It’s not worth fearing death, being cowardly and abandoning your homeland because God can resurrect you. That’s an interesting way to start and a clear indication to me that we’ve moved away from the topic of marriage and divorce (aren’t I quite the little detective?).

Asad says this:

We must, therefore, assume (as Muhammad `Abduh does in Mandr II, 455 ff.) that the above allusion is parabolically connected with the subsequent call to the faithful to be ready to lay down their lives in God’s cause: an illustration of the fact that fear of physical death leads to the moral death of nations and communities, just as their regeneration (or “coming back to life”) depends on their regaining their moral status through overcoming the fear of death. This is undoubtedly the purport of the elliptic story of Samuel, Saul and David told in verses 246-251.

Being Grateful

“Most people are ungrateful,” rings so true. My mom always tells me, you’ve got to be grateful for everything. “I’m so grateful,” she says, and then I give her a hard time, saying, “I’m so grateful,” in my high-being-my-mom voice. Then we have a hearty laugh because she loves my imitation of her saying, “I’m so grateful.” But we always stop afterwards to take a minute to recognize how grateful we are. Life sucks for a lot of people and to whatever degree yours is good, it’s worth taking a minute to be grateful.

Fighting and Death

What is God’s cause, verse 244 begs? As Asad reminds us from earlier (2:190-194), God’s cause is a just war of self-defense against oppression or unprovoked aggression. That certainly seems reasonable to me. Being the aggressor is hardly ever acceptable, but protecting oneself against these terrible things is necessary. Let’s just hope, as we discussed before, that the right to fight doesn’t ever turn the tide in such a way that one becomes an oppressor himself to an unreasonable and unacceptable extent.

The concept of death (the ultimate loss, at least instinctively) is being intimately tied to God’s ability to give even more: which is to say resurrection, or life back. It really makes people start to think differently about the meaning of life, especially life in pre-Islamic tribal society which had little or no focus on the afterlife and was entirely concerned with the preservation of the tribe (and its allies) in this life. It was important in a society like that didn’t conceptualize the afterlife to change the way people conceived of death while grounding death in a context that was familiar. And later, of course, this still stays relevant for readers looking to understand death.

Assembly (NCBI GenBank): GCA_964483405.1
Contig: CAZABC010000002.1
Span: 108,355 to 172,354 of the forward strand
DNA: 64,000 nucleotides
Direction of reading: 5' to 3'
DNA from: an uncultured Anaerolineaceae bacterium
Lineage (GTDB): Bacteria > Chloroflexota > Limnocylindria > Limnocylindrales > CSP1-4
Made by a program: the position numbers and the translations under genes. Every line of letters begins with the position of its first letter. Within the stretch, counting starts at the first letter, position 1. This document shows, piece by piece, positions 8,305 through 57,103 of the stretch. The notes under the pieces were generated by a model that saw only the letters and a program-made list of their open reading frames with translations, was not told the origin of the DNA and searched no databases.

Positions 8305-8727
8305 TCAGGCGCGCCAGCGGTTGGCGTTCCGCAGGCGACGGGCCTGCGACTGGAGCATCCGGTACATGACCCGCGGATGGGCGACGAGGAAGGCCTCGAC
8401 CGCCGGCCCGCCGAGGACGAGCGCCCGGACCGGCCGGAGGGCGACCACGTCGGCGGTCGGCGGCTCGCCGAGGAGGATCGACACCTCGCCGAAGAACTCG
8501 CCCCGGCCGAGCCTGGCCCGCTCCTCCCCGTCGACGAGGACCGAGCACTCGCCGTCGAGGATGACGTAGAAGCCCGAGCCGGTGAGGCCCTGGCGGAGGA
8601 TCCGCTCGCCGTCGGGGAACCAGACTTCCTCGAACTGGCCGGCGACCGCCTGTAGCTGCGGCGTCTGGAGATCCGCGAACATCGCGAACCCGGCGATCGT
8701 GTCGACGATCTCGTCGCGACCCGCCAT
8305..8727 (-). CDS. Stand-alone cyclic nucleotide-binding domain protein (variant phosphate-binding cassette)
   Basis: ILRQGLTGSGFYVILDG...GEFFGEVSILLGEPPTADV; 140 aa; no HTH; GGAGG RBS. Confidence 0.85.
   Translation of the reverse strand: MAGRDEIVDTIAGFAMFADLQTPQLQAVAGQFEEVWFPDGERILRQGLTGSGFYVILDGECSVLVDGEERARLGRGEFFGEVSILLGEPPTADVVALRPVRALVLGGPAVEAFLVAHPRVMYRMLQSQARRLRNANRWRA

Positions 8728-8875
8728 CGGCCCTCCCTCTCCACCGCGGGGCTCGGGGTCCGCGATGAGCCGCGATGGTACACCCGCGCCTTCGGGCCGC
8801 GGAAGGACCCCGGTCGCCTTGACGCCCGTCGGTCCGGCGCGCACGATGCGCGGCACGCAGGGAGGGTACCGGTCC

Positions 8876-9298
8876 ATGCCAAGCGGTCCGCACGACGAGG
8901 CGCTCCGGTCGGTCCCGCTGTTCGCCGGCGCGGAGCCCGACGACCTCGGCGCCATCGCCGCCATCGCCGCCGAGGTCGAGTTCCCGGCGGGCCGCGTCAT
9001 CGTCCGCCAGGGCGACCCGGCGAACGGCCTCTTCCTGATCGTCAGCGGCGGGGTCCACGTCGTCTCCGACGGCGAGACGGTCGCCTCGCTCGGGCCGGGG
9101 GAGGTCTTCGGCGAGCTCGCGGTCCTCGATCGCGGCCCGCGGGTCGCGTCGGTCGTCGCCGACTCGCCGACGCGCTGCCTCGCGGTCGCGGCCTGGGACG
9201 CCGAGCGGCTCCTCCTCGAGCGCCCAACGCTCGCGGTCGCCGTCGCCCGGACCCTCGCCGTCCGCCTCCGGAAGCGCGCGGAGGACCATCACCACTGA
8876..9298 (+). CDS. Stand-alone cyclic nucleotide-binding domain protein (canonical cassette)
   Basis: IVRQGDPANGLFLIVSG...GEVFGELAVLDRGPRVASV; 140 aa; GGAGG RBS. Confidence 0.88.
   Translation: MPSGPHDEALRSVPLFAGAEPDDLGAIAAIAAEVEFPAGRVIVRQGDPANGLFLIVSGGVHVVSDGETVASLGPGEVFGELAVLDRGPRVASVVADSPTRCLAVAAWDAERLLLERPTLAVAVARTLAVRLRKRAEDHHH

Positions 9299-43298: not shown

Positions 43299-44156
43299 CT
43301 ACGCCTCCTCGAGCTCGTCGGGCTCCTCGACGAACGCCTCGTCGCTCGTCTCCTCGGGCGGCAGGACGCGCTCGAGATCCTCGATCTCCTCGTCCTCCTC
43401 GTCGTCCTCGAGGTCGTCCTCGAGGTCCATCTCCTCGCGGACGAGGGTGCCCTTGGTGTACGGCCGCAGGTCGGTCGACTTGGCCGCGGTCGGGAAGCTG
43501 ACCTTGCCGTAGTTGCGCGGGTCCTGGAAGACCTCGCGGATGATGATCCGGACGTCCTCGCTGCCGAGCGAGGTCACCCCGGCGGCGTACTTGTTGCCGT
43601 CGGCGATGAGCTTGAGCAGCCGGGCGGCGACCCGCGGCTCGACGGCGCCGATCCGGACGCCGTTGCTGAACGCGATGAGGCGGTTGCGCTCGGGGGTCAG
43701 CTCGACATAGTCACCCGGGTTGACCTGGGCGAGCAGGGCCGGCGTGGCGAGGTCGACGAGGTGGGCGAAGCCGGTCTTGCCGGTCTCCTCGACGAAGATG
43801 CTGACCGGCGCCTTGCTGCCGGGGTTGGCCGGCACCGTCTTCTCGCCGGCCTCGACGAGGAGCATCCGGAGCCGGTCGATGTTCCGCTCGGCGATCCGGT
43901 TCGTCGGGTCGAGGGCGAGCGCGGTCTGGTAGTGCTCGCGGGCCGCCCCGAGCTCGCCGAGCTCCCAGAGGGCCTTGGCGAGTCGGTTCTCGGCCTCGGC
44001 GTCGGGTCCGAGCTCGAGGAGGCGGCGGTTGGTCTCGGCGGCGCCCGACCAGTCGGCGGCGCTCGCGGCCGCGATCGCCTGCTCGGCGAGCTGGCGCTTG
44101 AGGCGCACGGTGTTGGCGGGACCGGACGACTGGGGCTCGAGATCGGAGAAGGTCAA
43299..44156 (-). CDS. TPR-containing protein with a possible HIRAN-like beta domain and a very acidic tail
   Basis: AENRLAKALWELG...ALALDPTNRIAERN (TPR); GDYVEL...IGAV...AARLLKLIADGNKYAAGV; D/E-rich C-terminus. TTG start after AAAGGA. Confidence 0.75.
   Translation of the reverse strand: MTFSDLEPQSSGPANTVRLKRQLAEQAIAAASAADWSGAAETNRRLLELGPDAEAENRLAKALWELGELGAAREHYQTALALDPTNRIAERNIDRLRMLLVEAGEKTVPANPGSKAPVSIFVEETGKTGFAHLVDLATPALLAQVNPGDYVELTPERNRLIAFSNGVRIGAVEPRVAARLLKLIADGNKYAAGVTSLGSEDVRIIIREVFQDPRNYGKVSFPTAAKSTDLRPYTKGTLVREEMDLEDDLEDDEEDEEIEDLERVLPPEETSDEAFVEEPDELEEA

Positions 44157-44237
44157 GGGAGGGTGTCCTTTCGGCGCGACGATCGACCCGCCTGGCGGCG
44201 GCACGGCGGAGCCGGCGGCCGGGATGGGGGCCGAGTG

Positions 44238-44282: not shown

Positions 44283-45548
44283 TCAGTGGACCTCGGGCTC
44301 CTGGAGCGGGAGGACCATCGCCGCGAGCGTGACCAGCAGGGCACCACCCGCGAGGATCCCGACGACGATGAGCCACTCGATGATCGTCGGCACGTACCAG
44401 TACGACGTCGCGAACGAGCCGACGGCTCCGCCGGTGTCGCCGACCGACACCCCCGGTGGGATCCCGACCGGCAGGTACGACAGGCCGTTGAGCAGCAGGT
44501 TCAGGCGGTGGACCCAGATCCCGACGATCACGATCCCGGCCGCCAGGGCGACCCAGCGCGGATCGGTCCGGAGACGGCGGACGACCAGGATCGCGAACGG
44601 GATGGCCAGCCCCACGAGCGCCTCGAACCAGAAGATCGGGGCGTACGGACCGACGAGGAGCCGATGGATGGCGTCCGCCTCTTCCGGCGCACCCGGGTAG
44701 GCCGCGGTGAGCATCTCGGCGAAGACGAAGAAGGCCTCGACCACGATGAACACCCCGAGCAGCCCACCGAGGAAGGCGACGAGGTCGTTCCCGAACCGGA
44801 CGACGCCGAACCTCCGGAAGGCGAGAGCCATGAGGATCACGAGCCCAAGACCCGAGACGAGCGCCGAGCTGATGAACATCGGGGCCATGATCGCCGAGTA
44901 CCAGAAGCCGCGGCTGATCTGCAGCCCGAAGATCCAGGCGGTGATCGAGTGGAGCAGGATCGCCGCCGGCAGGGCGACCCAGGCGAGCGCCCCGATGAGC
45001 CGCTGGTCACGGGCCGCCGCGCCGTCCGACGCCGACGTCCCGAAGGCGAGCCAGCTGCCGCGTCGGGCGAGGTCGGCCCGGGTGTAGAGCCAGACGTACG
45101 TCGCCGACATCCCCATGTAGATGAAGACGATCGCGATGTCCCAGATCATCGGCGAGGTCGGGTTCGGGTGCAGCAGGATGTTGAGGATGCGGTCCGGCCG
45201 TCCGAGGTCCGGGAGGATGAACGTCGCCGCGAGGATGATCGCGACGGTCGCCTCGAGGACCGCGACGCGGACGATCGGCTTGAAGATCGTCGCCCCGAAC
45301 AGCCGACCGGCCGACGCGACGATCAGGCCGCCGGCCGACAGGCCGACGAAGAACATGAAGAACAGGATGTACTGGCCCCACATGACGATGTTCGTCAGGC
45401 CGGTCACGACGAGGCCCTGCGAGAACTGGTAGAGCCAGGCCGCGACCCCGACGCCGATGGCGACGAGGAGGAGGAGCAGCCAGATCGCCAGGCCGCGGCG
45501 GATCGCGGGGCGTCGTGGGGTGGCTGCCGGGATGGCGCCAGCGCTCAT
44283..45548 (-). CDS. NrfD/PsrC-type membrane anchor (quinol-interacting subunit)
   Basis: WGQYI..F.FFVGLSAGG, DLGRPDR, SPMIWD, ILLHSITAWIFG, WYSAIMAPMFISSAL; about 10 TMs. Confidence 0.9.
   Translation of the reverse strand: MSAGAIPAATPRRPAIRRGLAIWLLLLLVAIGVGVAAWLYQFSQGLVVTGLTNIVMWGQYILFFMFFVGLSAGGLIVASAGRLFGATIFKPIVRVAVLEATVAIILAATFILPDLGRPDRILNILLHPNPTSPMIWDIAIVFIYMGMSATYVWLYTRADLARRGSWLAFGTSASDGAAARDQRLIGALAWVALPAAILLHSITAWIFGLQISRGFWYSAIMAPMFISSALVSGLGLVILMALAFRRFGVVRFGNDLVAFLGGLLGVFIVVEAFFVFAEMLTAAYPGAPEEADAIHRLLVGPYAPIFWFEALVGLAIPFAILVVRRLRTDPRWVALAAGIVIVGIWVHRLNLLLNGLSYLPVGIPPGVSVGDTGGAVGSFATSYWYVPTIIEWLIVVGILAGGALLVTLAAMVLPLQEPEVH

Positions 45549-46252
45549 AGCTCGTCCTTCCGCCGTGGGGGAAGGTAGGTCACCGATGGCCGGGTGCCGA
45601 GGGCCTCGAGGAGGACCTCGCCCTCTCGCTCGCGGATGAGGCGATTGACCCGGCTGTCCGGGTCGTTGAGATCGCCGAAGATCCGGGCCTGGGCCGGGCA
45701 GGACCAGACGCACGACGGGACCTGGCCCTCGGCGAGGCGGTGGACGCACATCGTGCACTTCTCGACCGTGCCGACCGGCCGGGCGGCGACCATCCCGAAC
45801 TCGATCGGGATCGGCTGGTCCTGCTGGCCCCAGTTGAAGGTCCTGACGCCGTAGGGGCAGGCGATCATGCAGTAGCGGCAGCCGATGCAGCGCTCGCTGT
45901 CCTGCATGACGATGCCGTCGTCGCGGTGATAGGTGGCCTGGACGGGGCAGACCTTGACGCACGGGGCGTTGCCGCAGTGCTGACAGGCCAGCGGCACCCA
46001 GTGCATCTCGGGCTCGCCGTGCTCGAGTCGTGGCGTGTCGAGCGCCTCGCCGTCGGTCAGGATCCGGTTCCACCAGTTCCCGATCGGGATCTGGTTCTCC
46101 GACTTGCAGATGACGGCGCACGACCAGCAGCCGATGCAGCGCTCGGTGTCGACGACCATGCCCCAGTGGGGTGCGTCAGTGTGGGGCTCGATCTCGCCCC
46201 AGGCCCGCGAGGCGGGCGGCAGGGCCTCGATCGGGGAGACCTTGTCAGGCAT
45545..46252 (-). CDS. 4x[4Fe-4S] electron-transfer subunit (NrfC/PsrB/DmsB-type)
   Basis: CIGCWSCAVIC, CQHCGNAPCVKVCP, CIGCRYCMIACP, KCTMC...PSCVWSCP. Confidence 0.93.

The Israelites and Samuel in the Book of Samuel

In verses 246ff, the Quran speaks of some events, to a greater or lesser extent, from the book of Samuel, when the Israelites saw that all those around them had kings and were protected and asked Samuel to allow God to raise up a king that would fight for them. The problem was that God was meant to be their king and God was meant to fight for them and they were supposed to fight for God and that show of faith – that when they fought God was fighting for them – was supposed to win them wars. This is a consistent theme throughout the Bible. However, the ever-faithless Israelites were unsatisfied and wanted a king to call their own.

The next verse (247) is curious because the Israelites didn’t really protest Saul’s existence as king. We can infer based on the fact that David was eventually allowed to arise over Saul (we’re told it’s God’s doing but readers understand that politically the tides had changed) that the people (or God…) had rejected Saul as king but this is not until later. At first they’re enthusiastic and don’t say anything about his wealth (or lack thereof). Not entirely sure what to do with verse 248?

What are your thoughts on these verses? What did I miss or get wrong?

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The Cow 243-248

243. ART THOU NOT aware of those who forsook their homelands in their thousands for fear of death, whereupon God said unto them, “Die,” and later brought them back to life? Behold, God is indeed limitless in His bounty unto man -but most people are ungrateful. 244. Fight, then, in God’s cause,* and know that God is all-hearing, all-knowing. 245. Who is it that will offer up unto God a goodly loan,* which He will amply repay, with manifold increase? For, God takes away, and He gives abundantly; and it is unto Him that you shall be brought back. 246. Art thou not aware of those elders of the children of Israel, after the time of Moses, how they said unto a prophet of theirs,* “Raise up a king for us, [and] we shall fight in God’s cause”? Said he: “Would you, perchance, refrain from fighting if fighting is ordained for you?” They answered: “And why should we not fight in God’s cause when we and our children have been driven from our homelands?”** Yet, when fighting was ordained for them, they did turn back, save for a few of them; but God had full knowledge of the evildoers. 247. And their prophet said unto those elders: “Behold, now God has raised up Saul to be your king.” They said: “How can he have dominion over us when we have a better claim to dominion than he, and he has not [even] been endowed with abundant wealth?” [The prophet] replied: “Behold, God has exalted him above you, and endowed him abundantly with knowledge and bodily perfection. And God bestows His dominion upon whom He wills: for God is infinite, all-knowing.” 248. And their prophet said unto them: “Behold, it shall be a sign of his [rightful] dominion that you will be granted a heart* endowed by your Sustainer with inner peace and with all that is enduring in the angel-borne heritage left behind by the House of Moses and the House of Aaron.** Herein, behold, there shall indeed be a sign for you if you are [truly] believers.”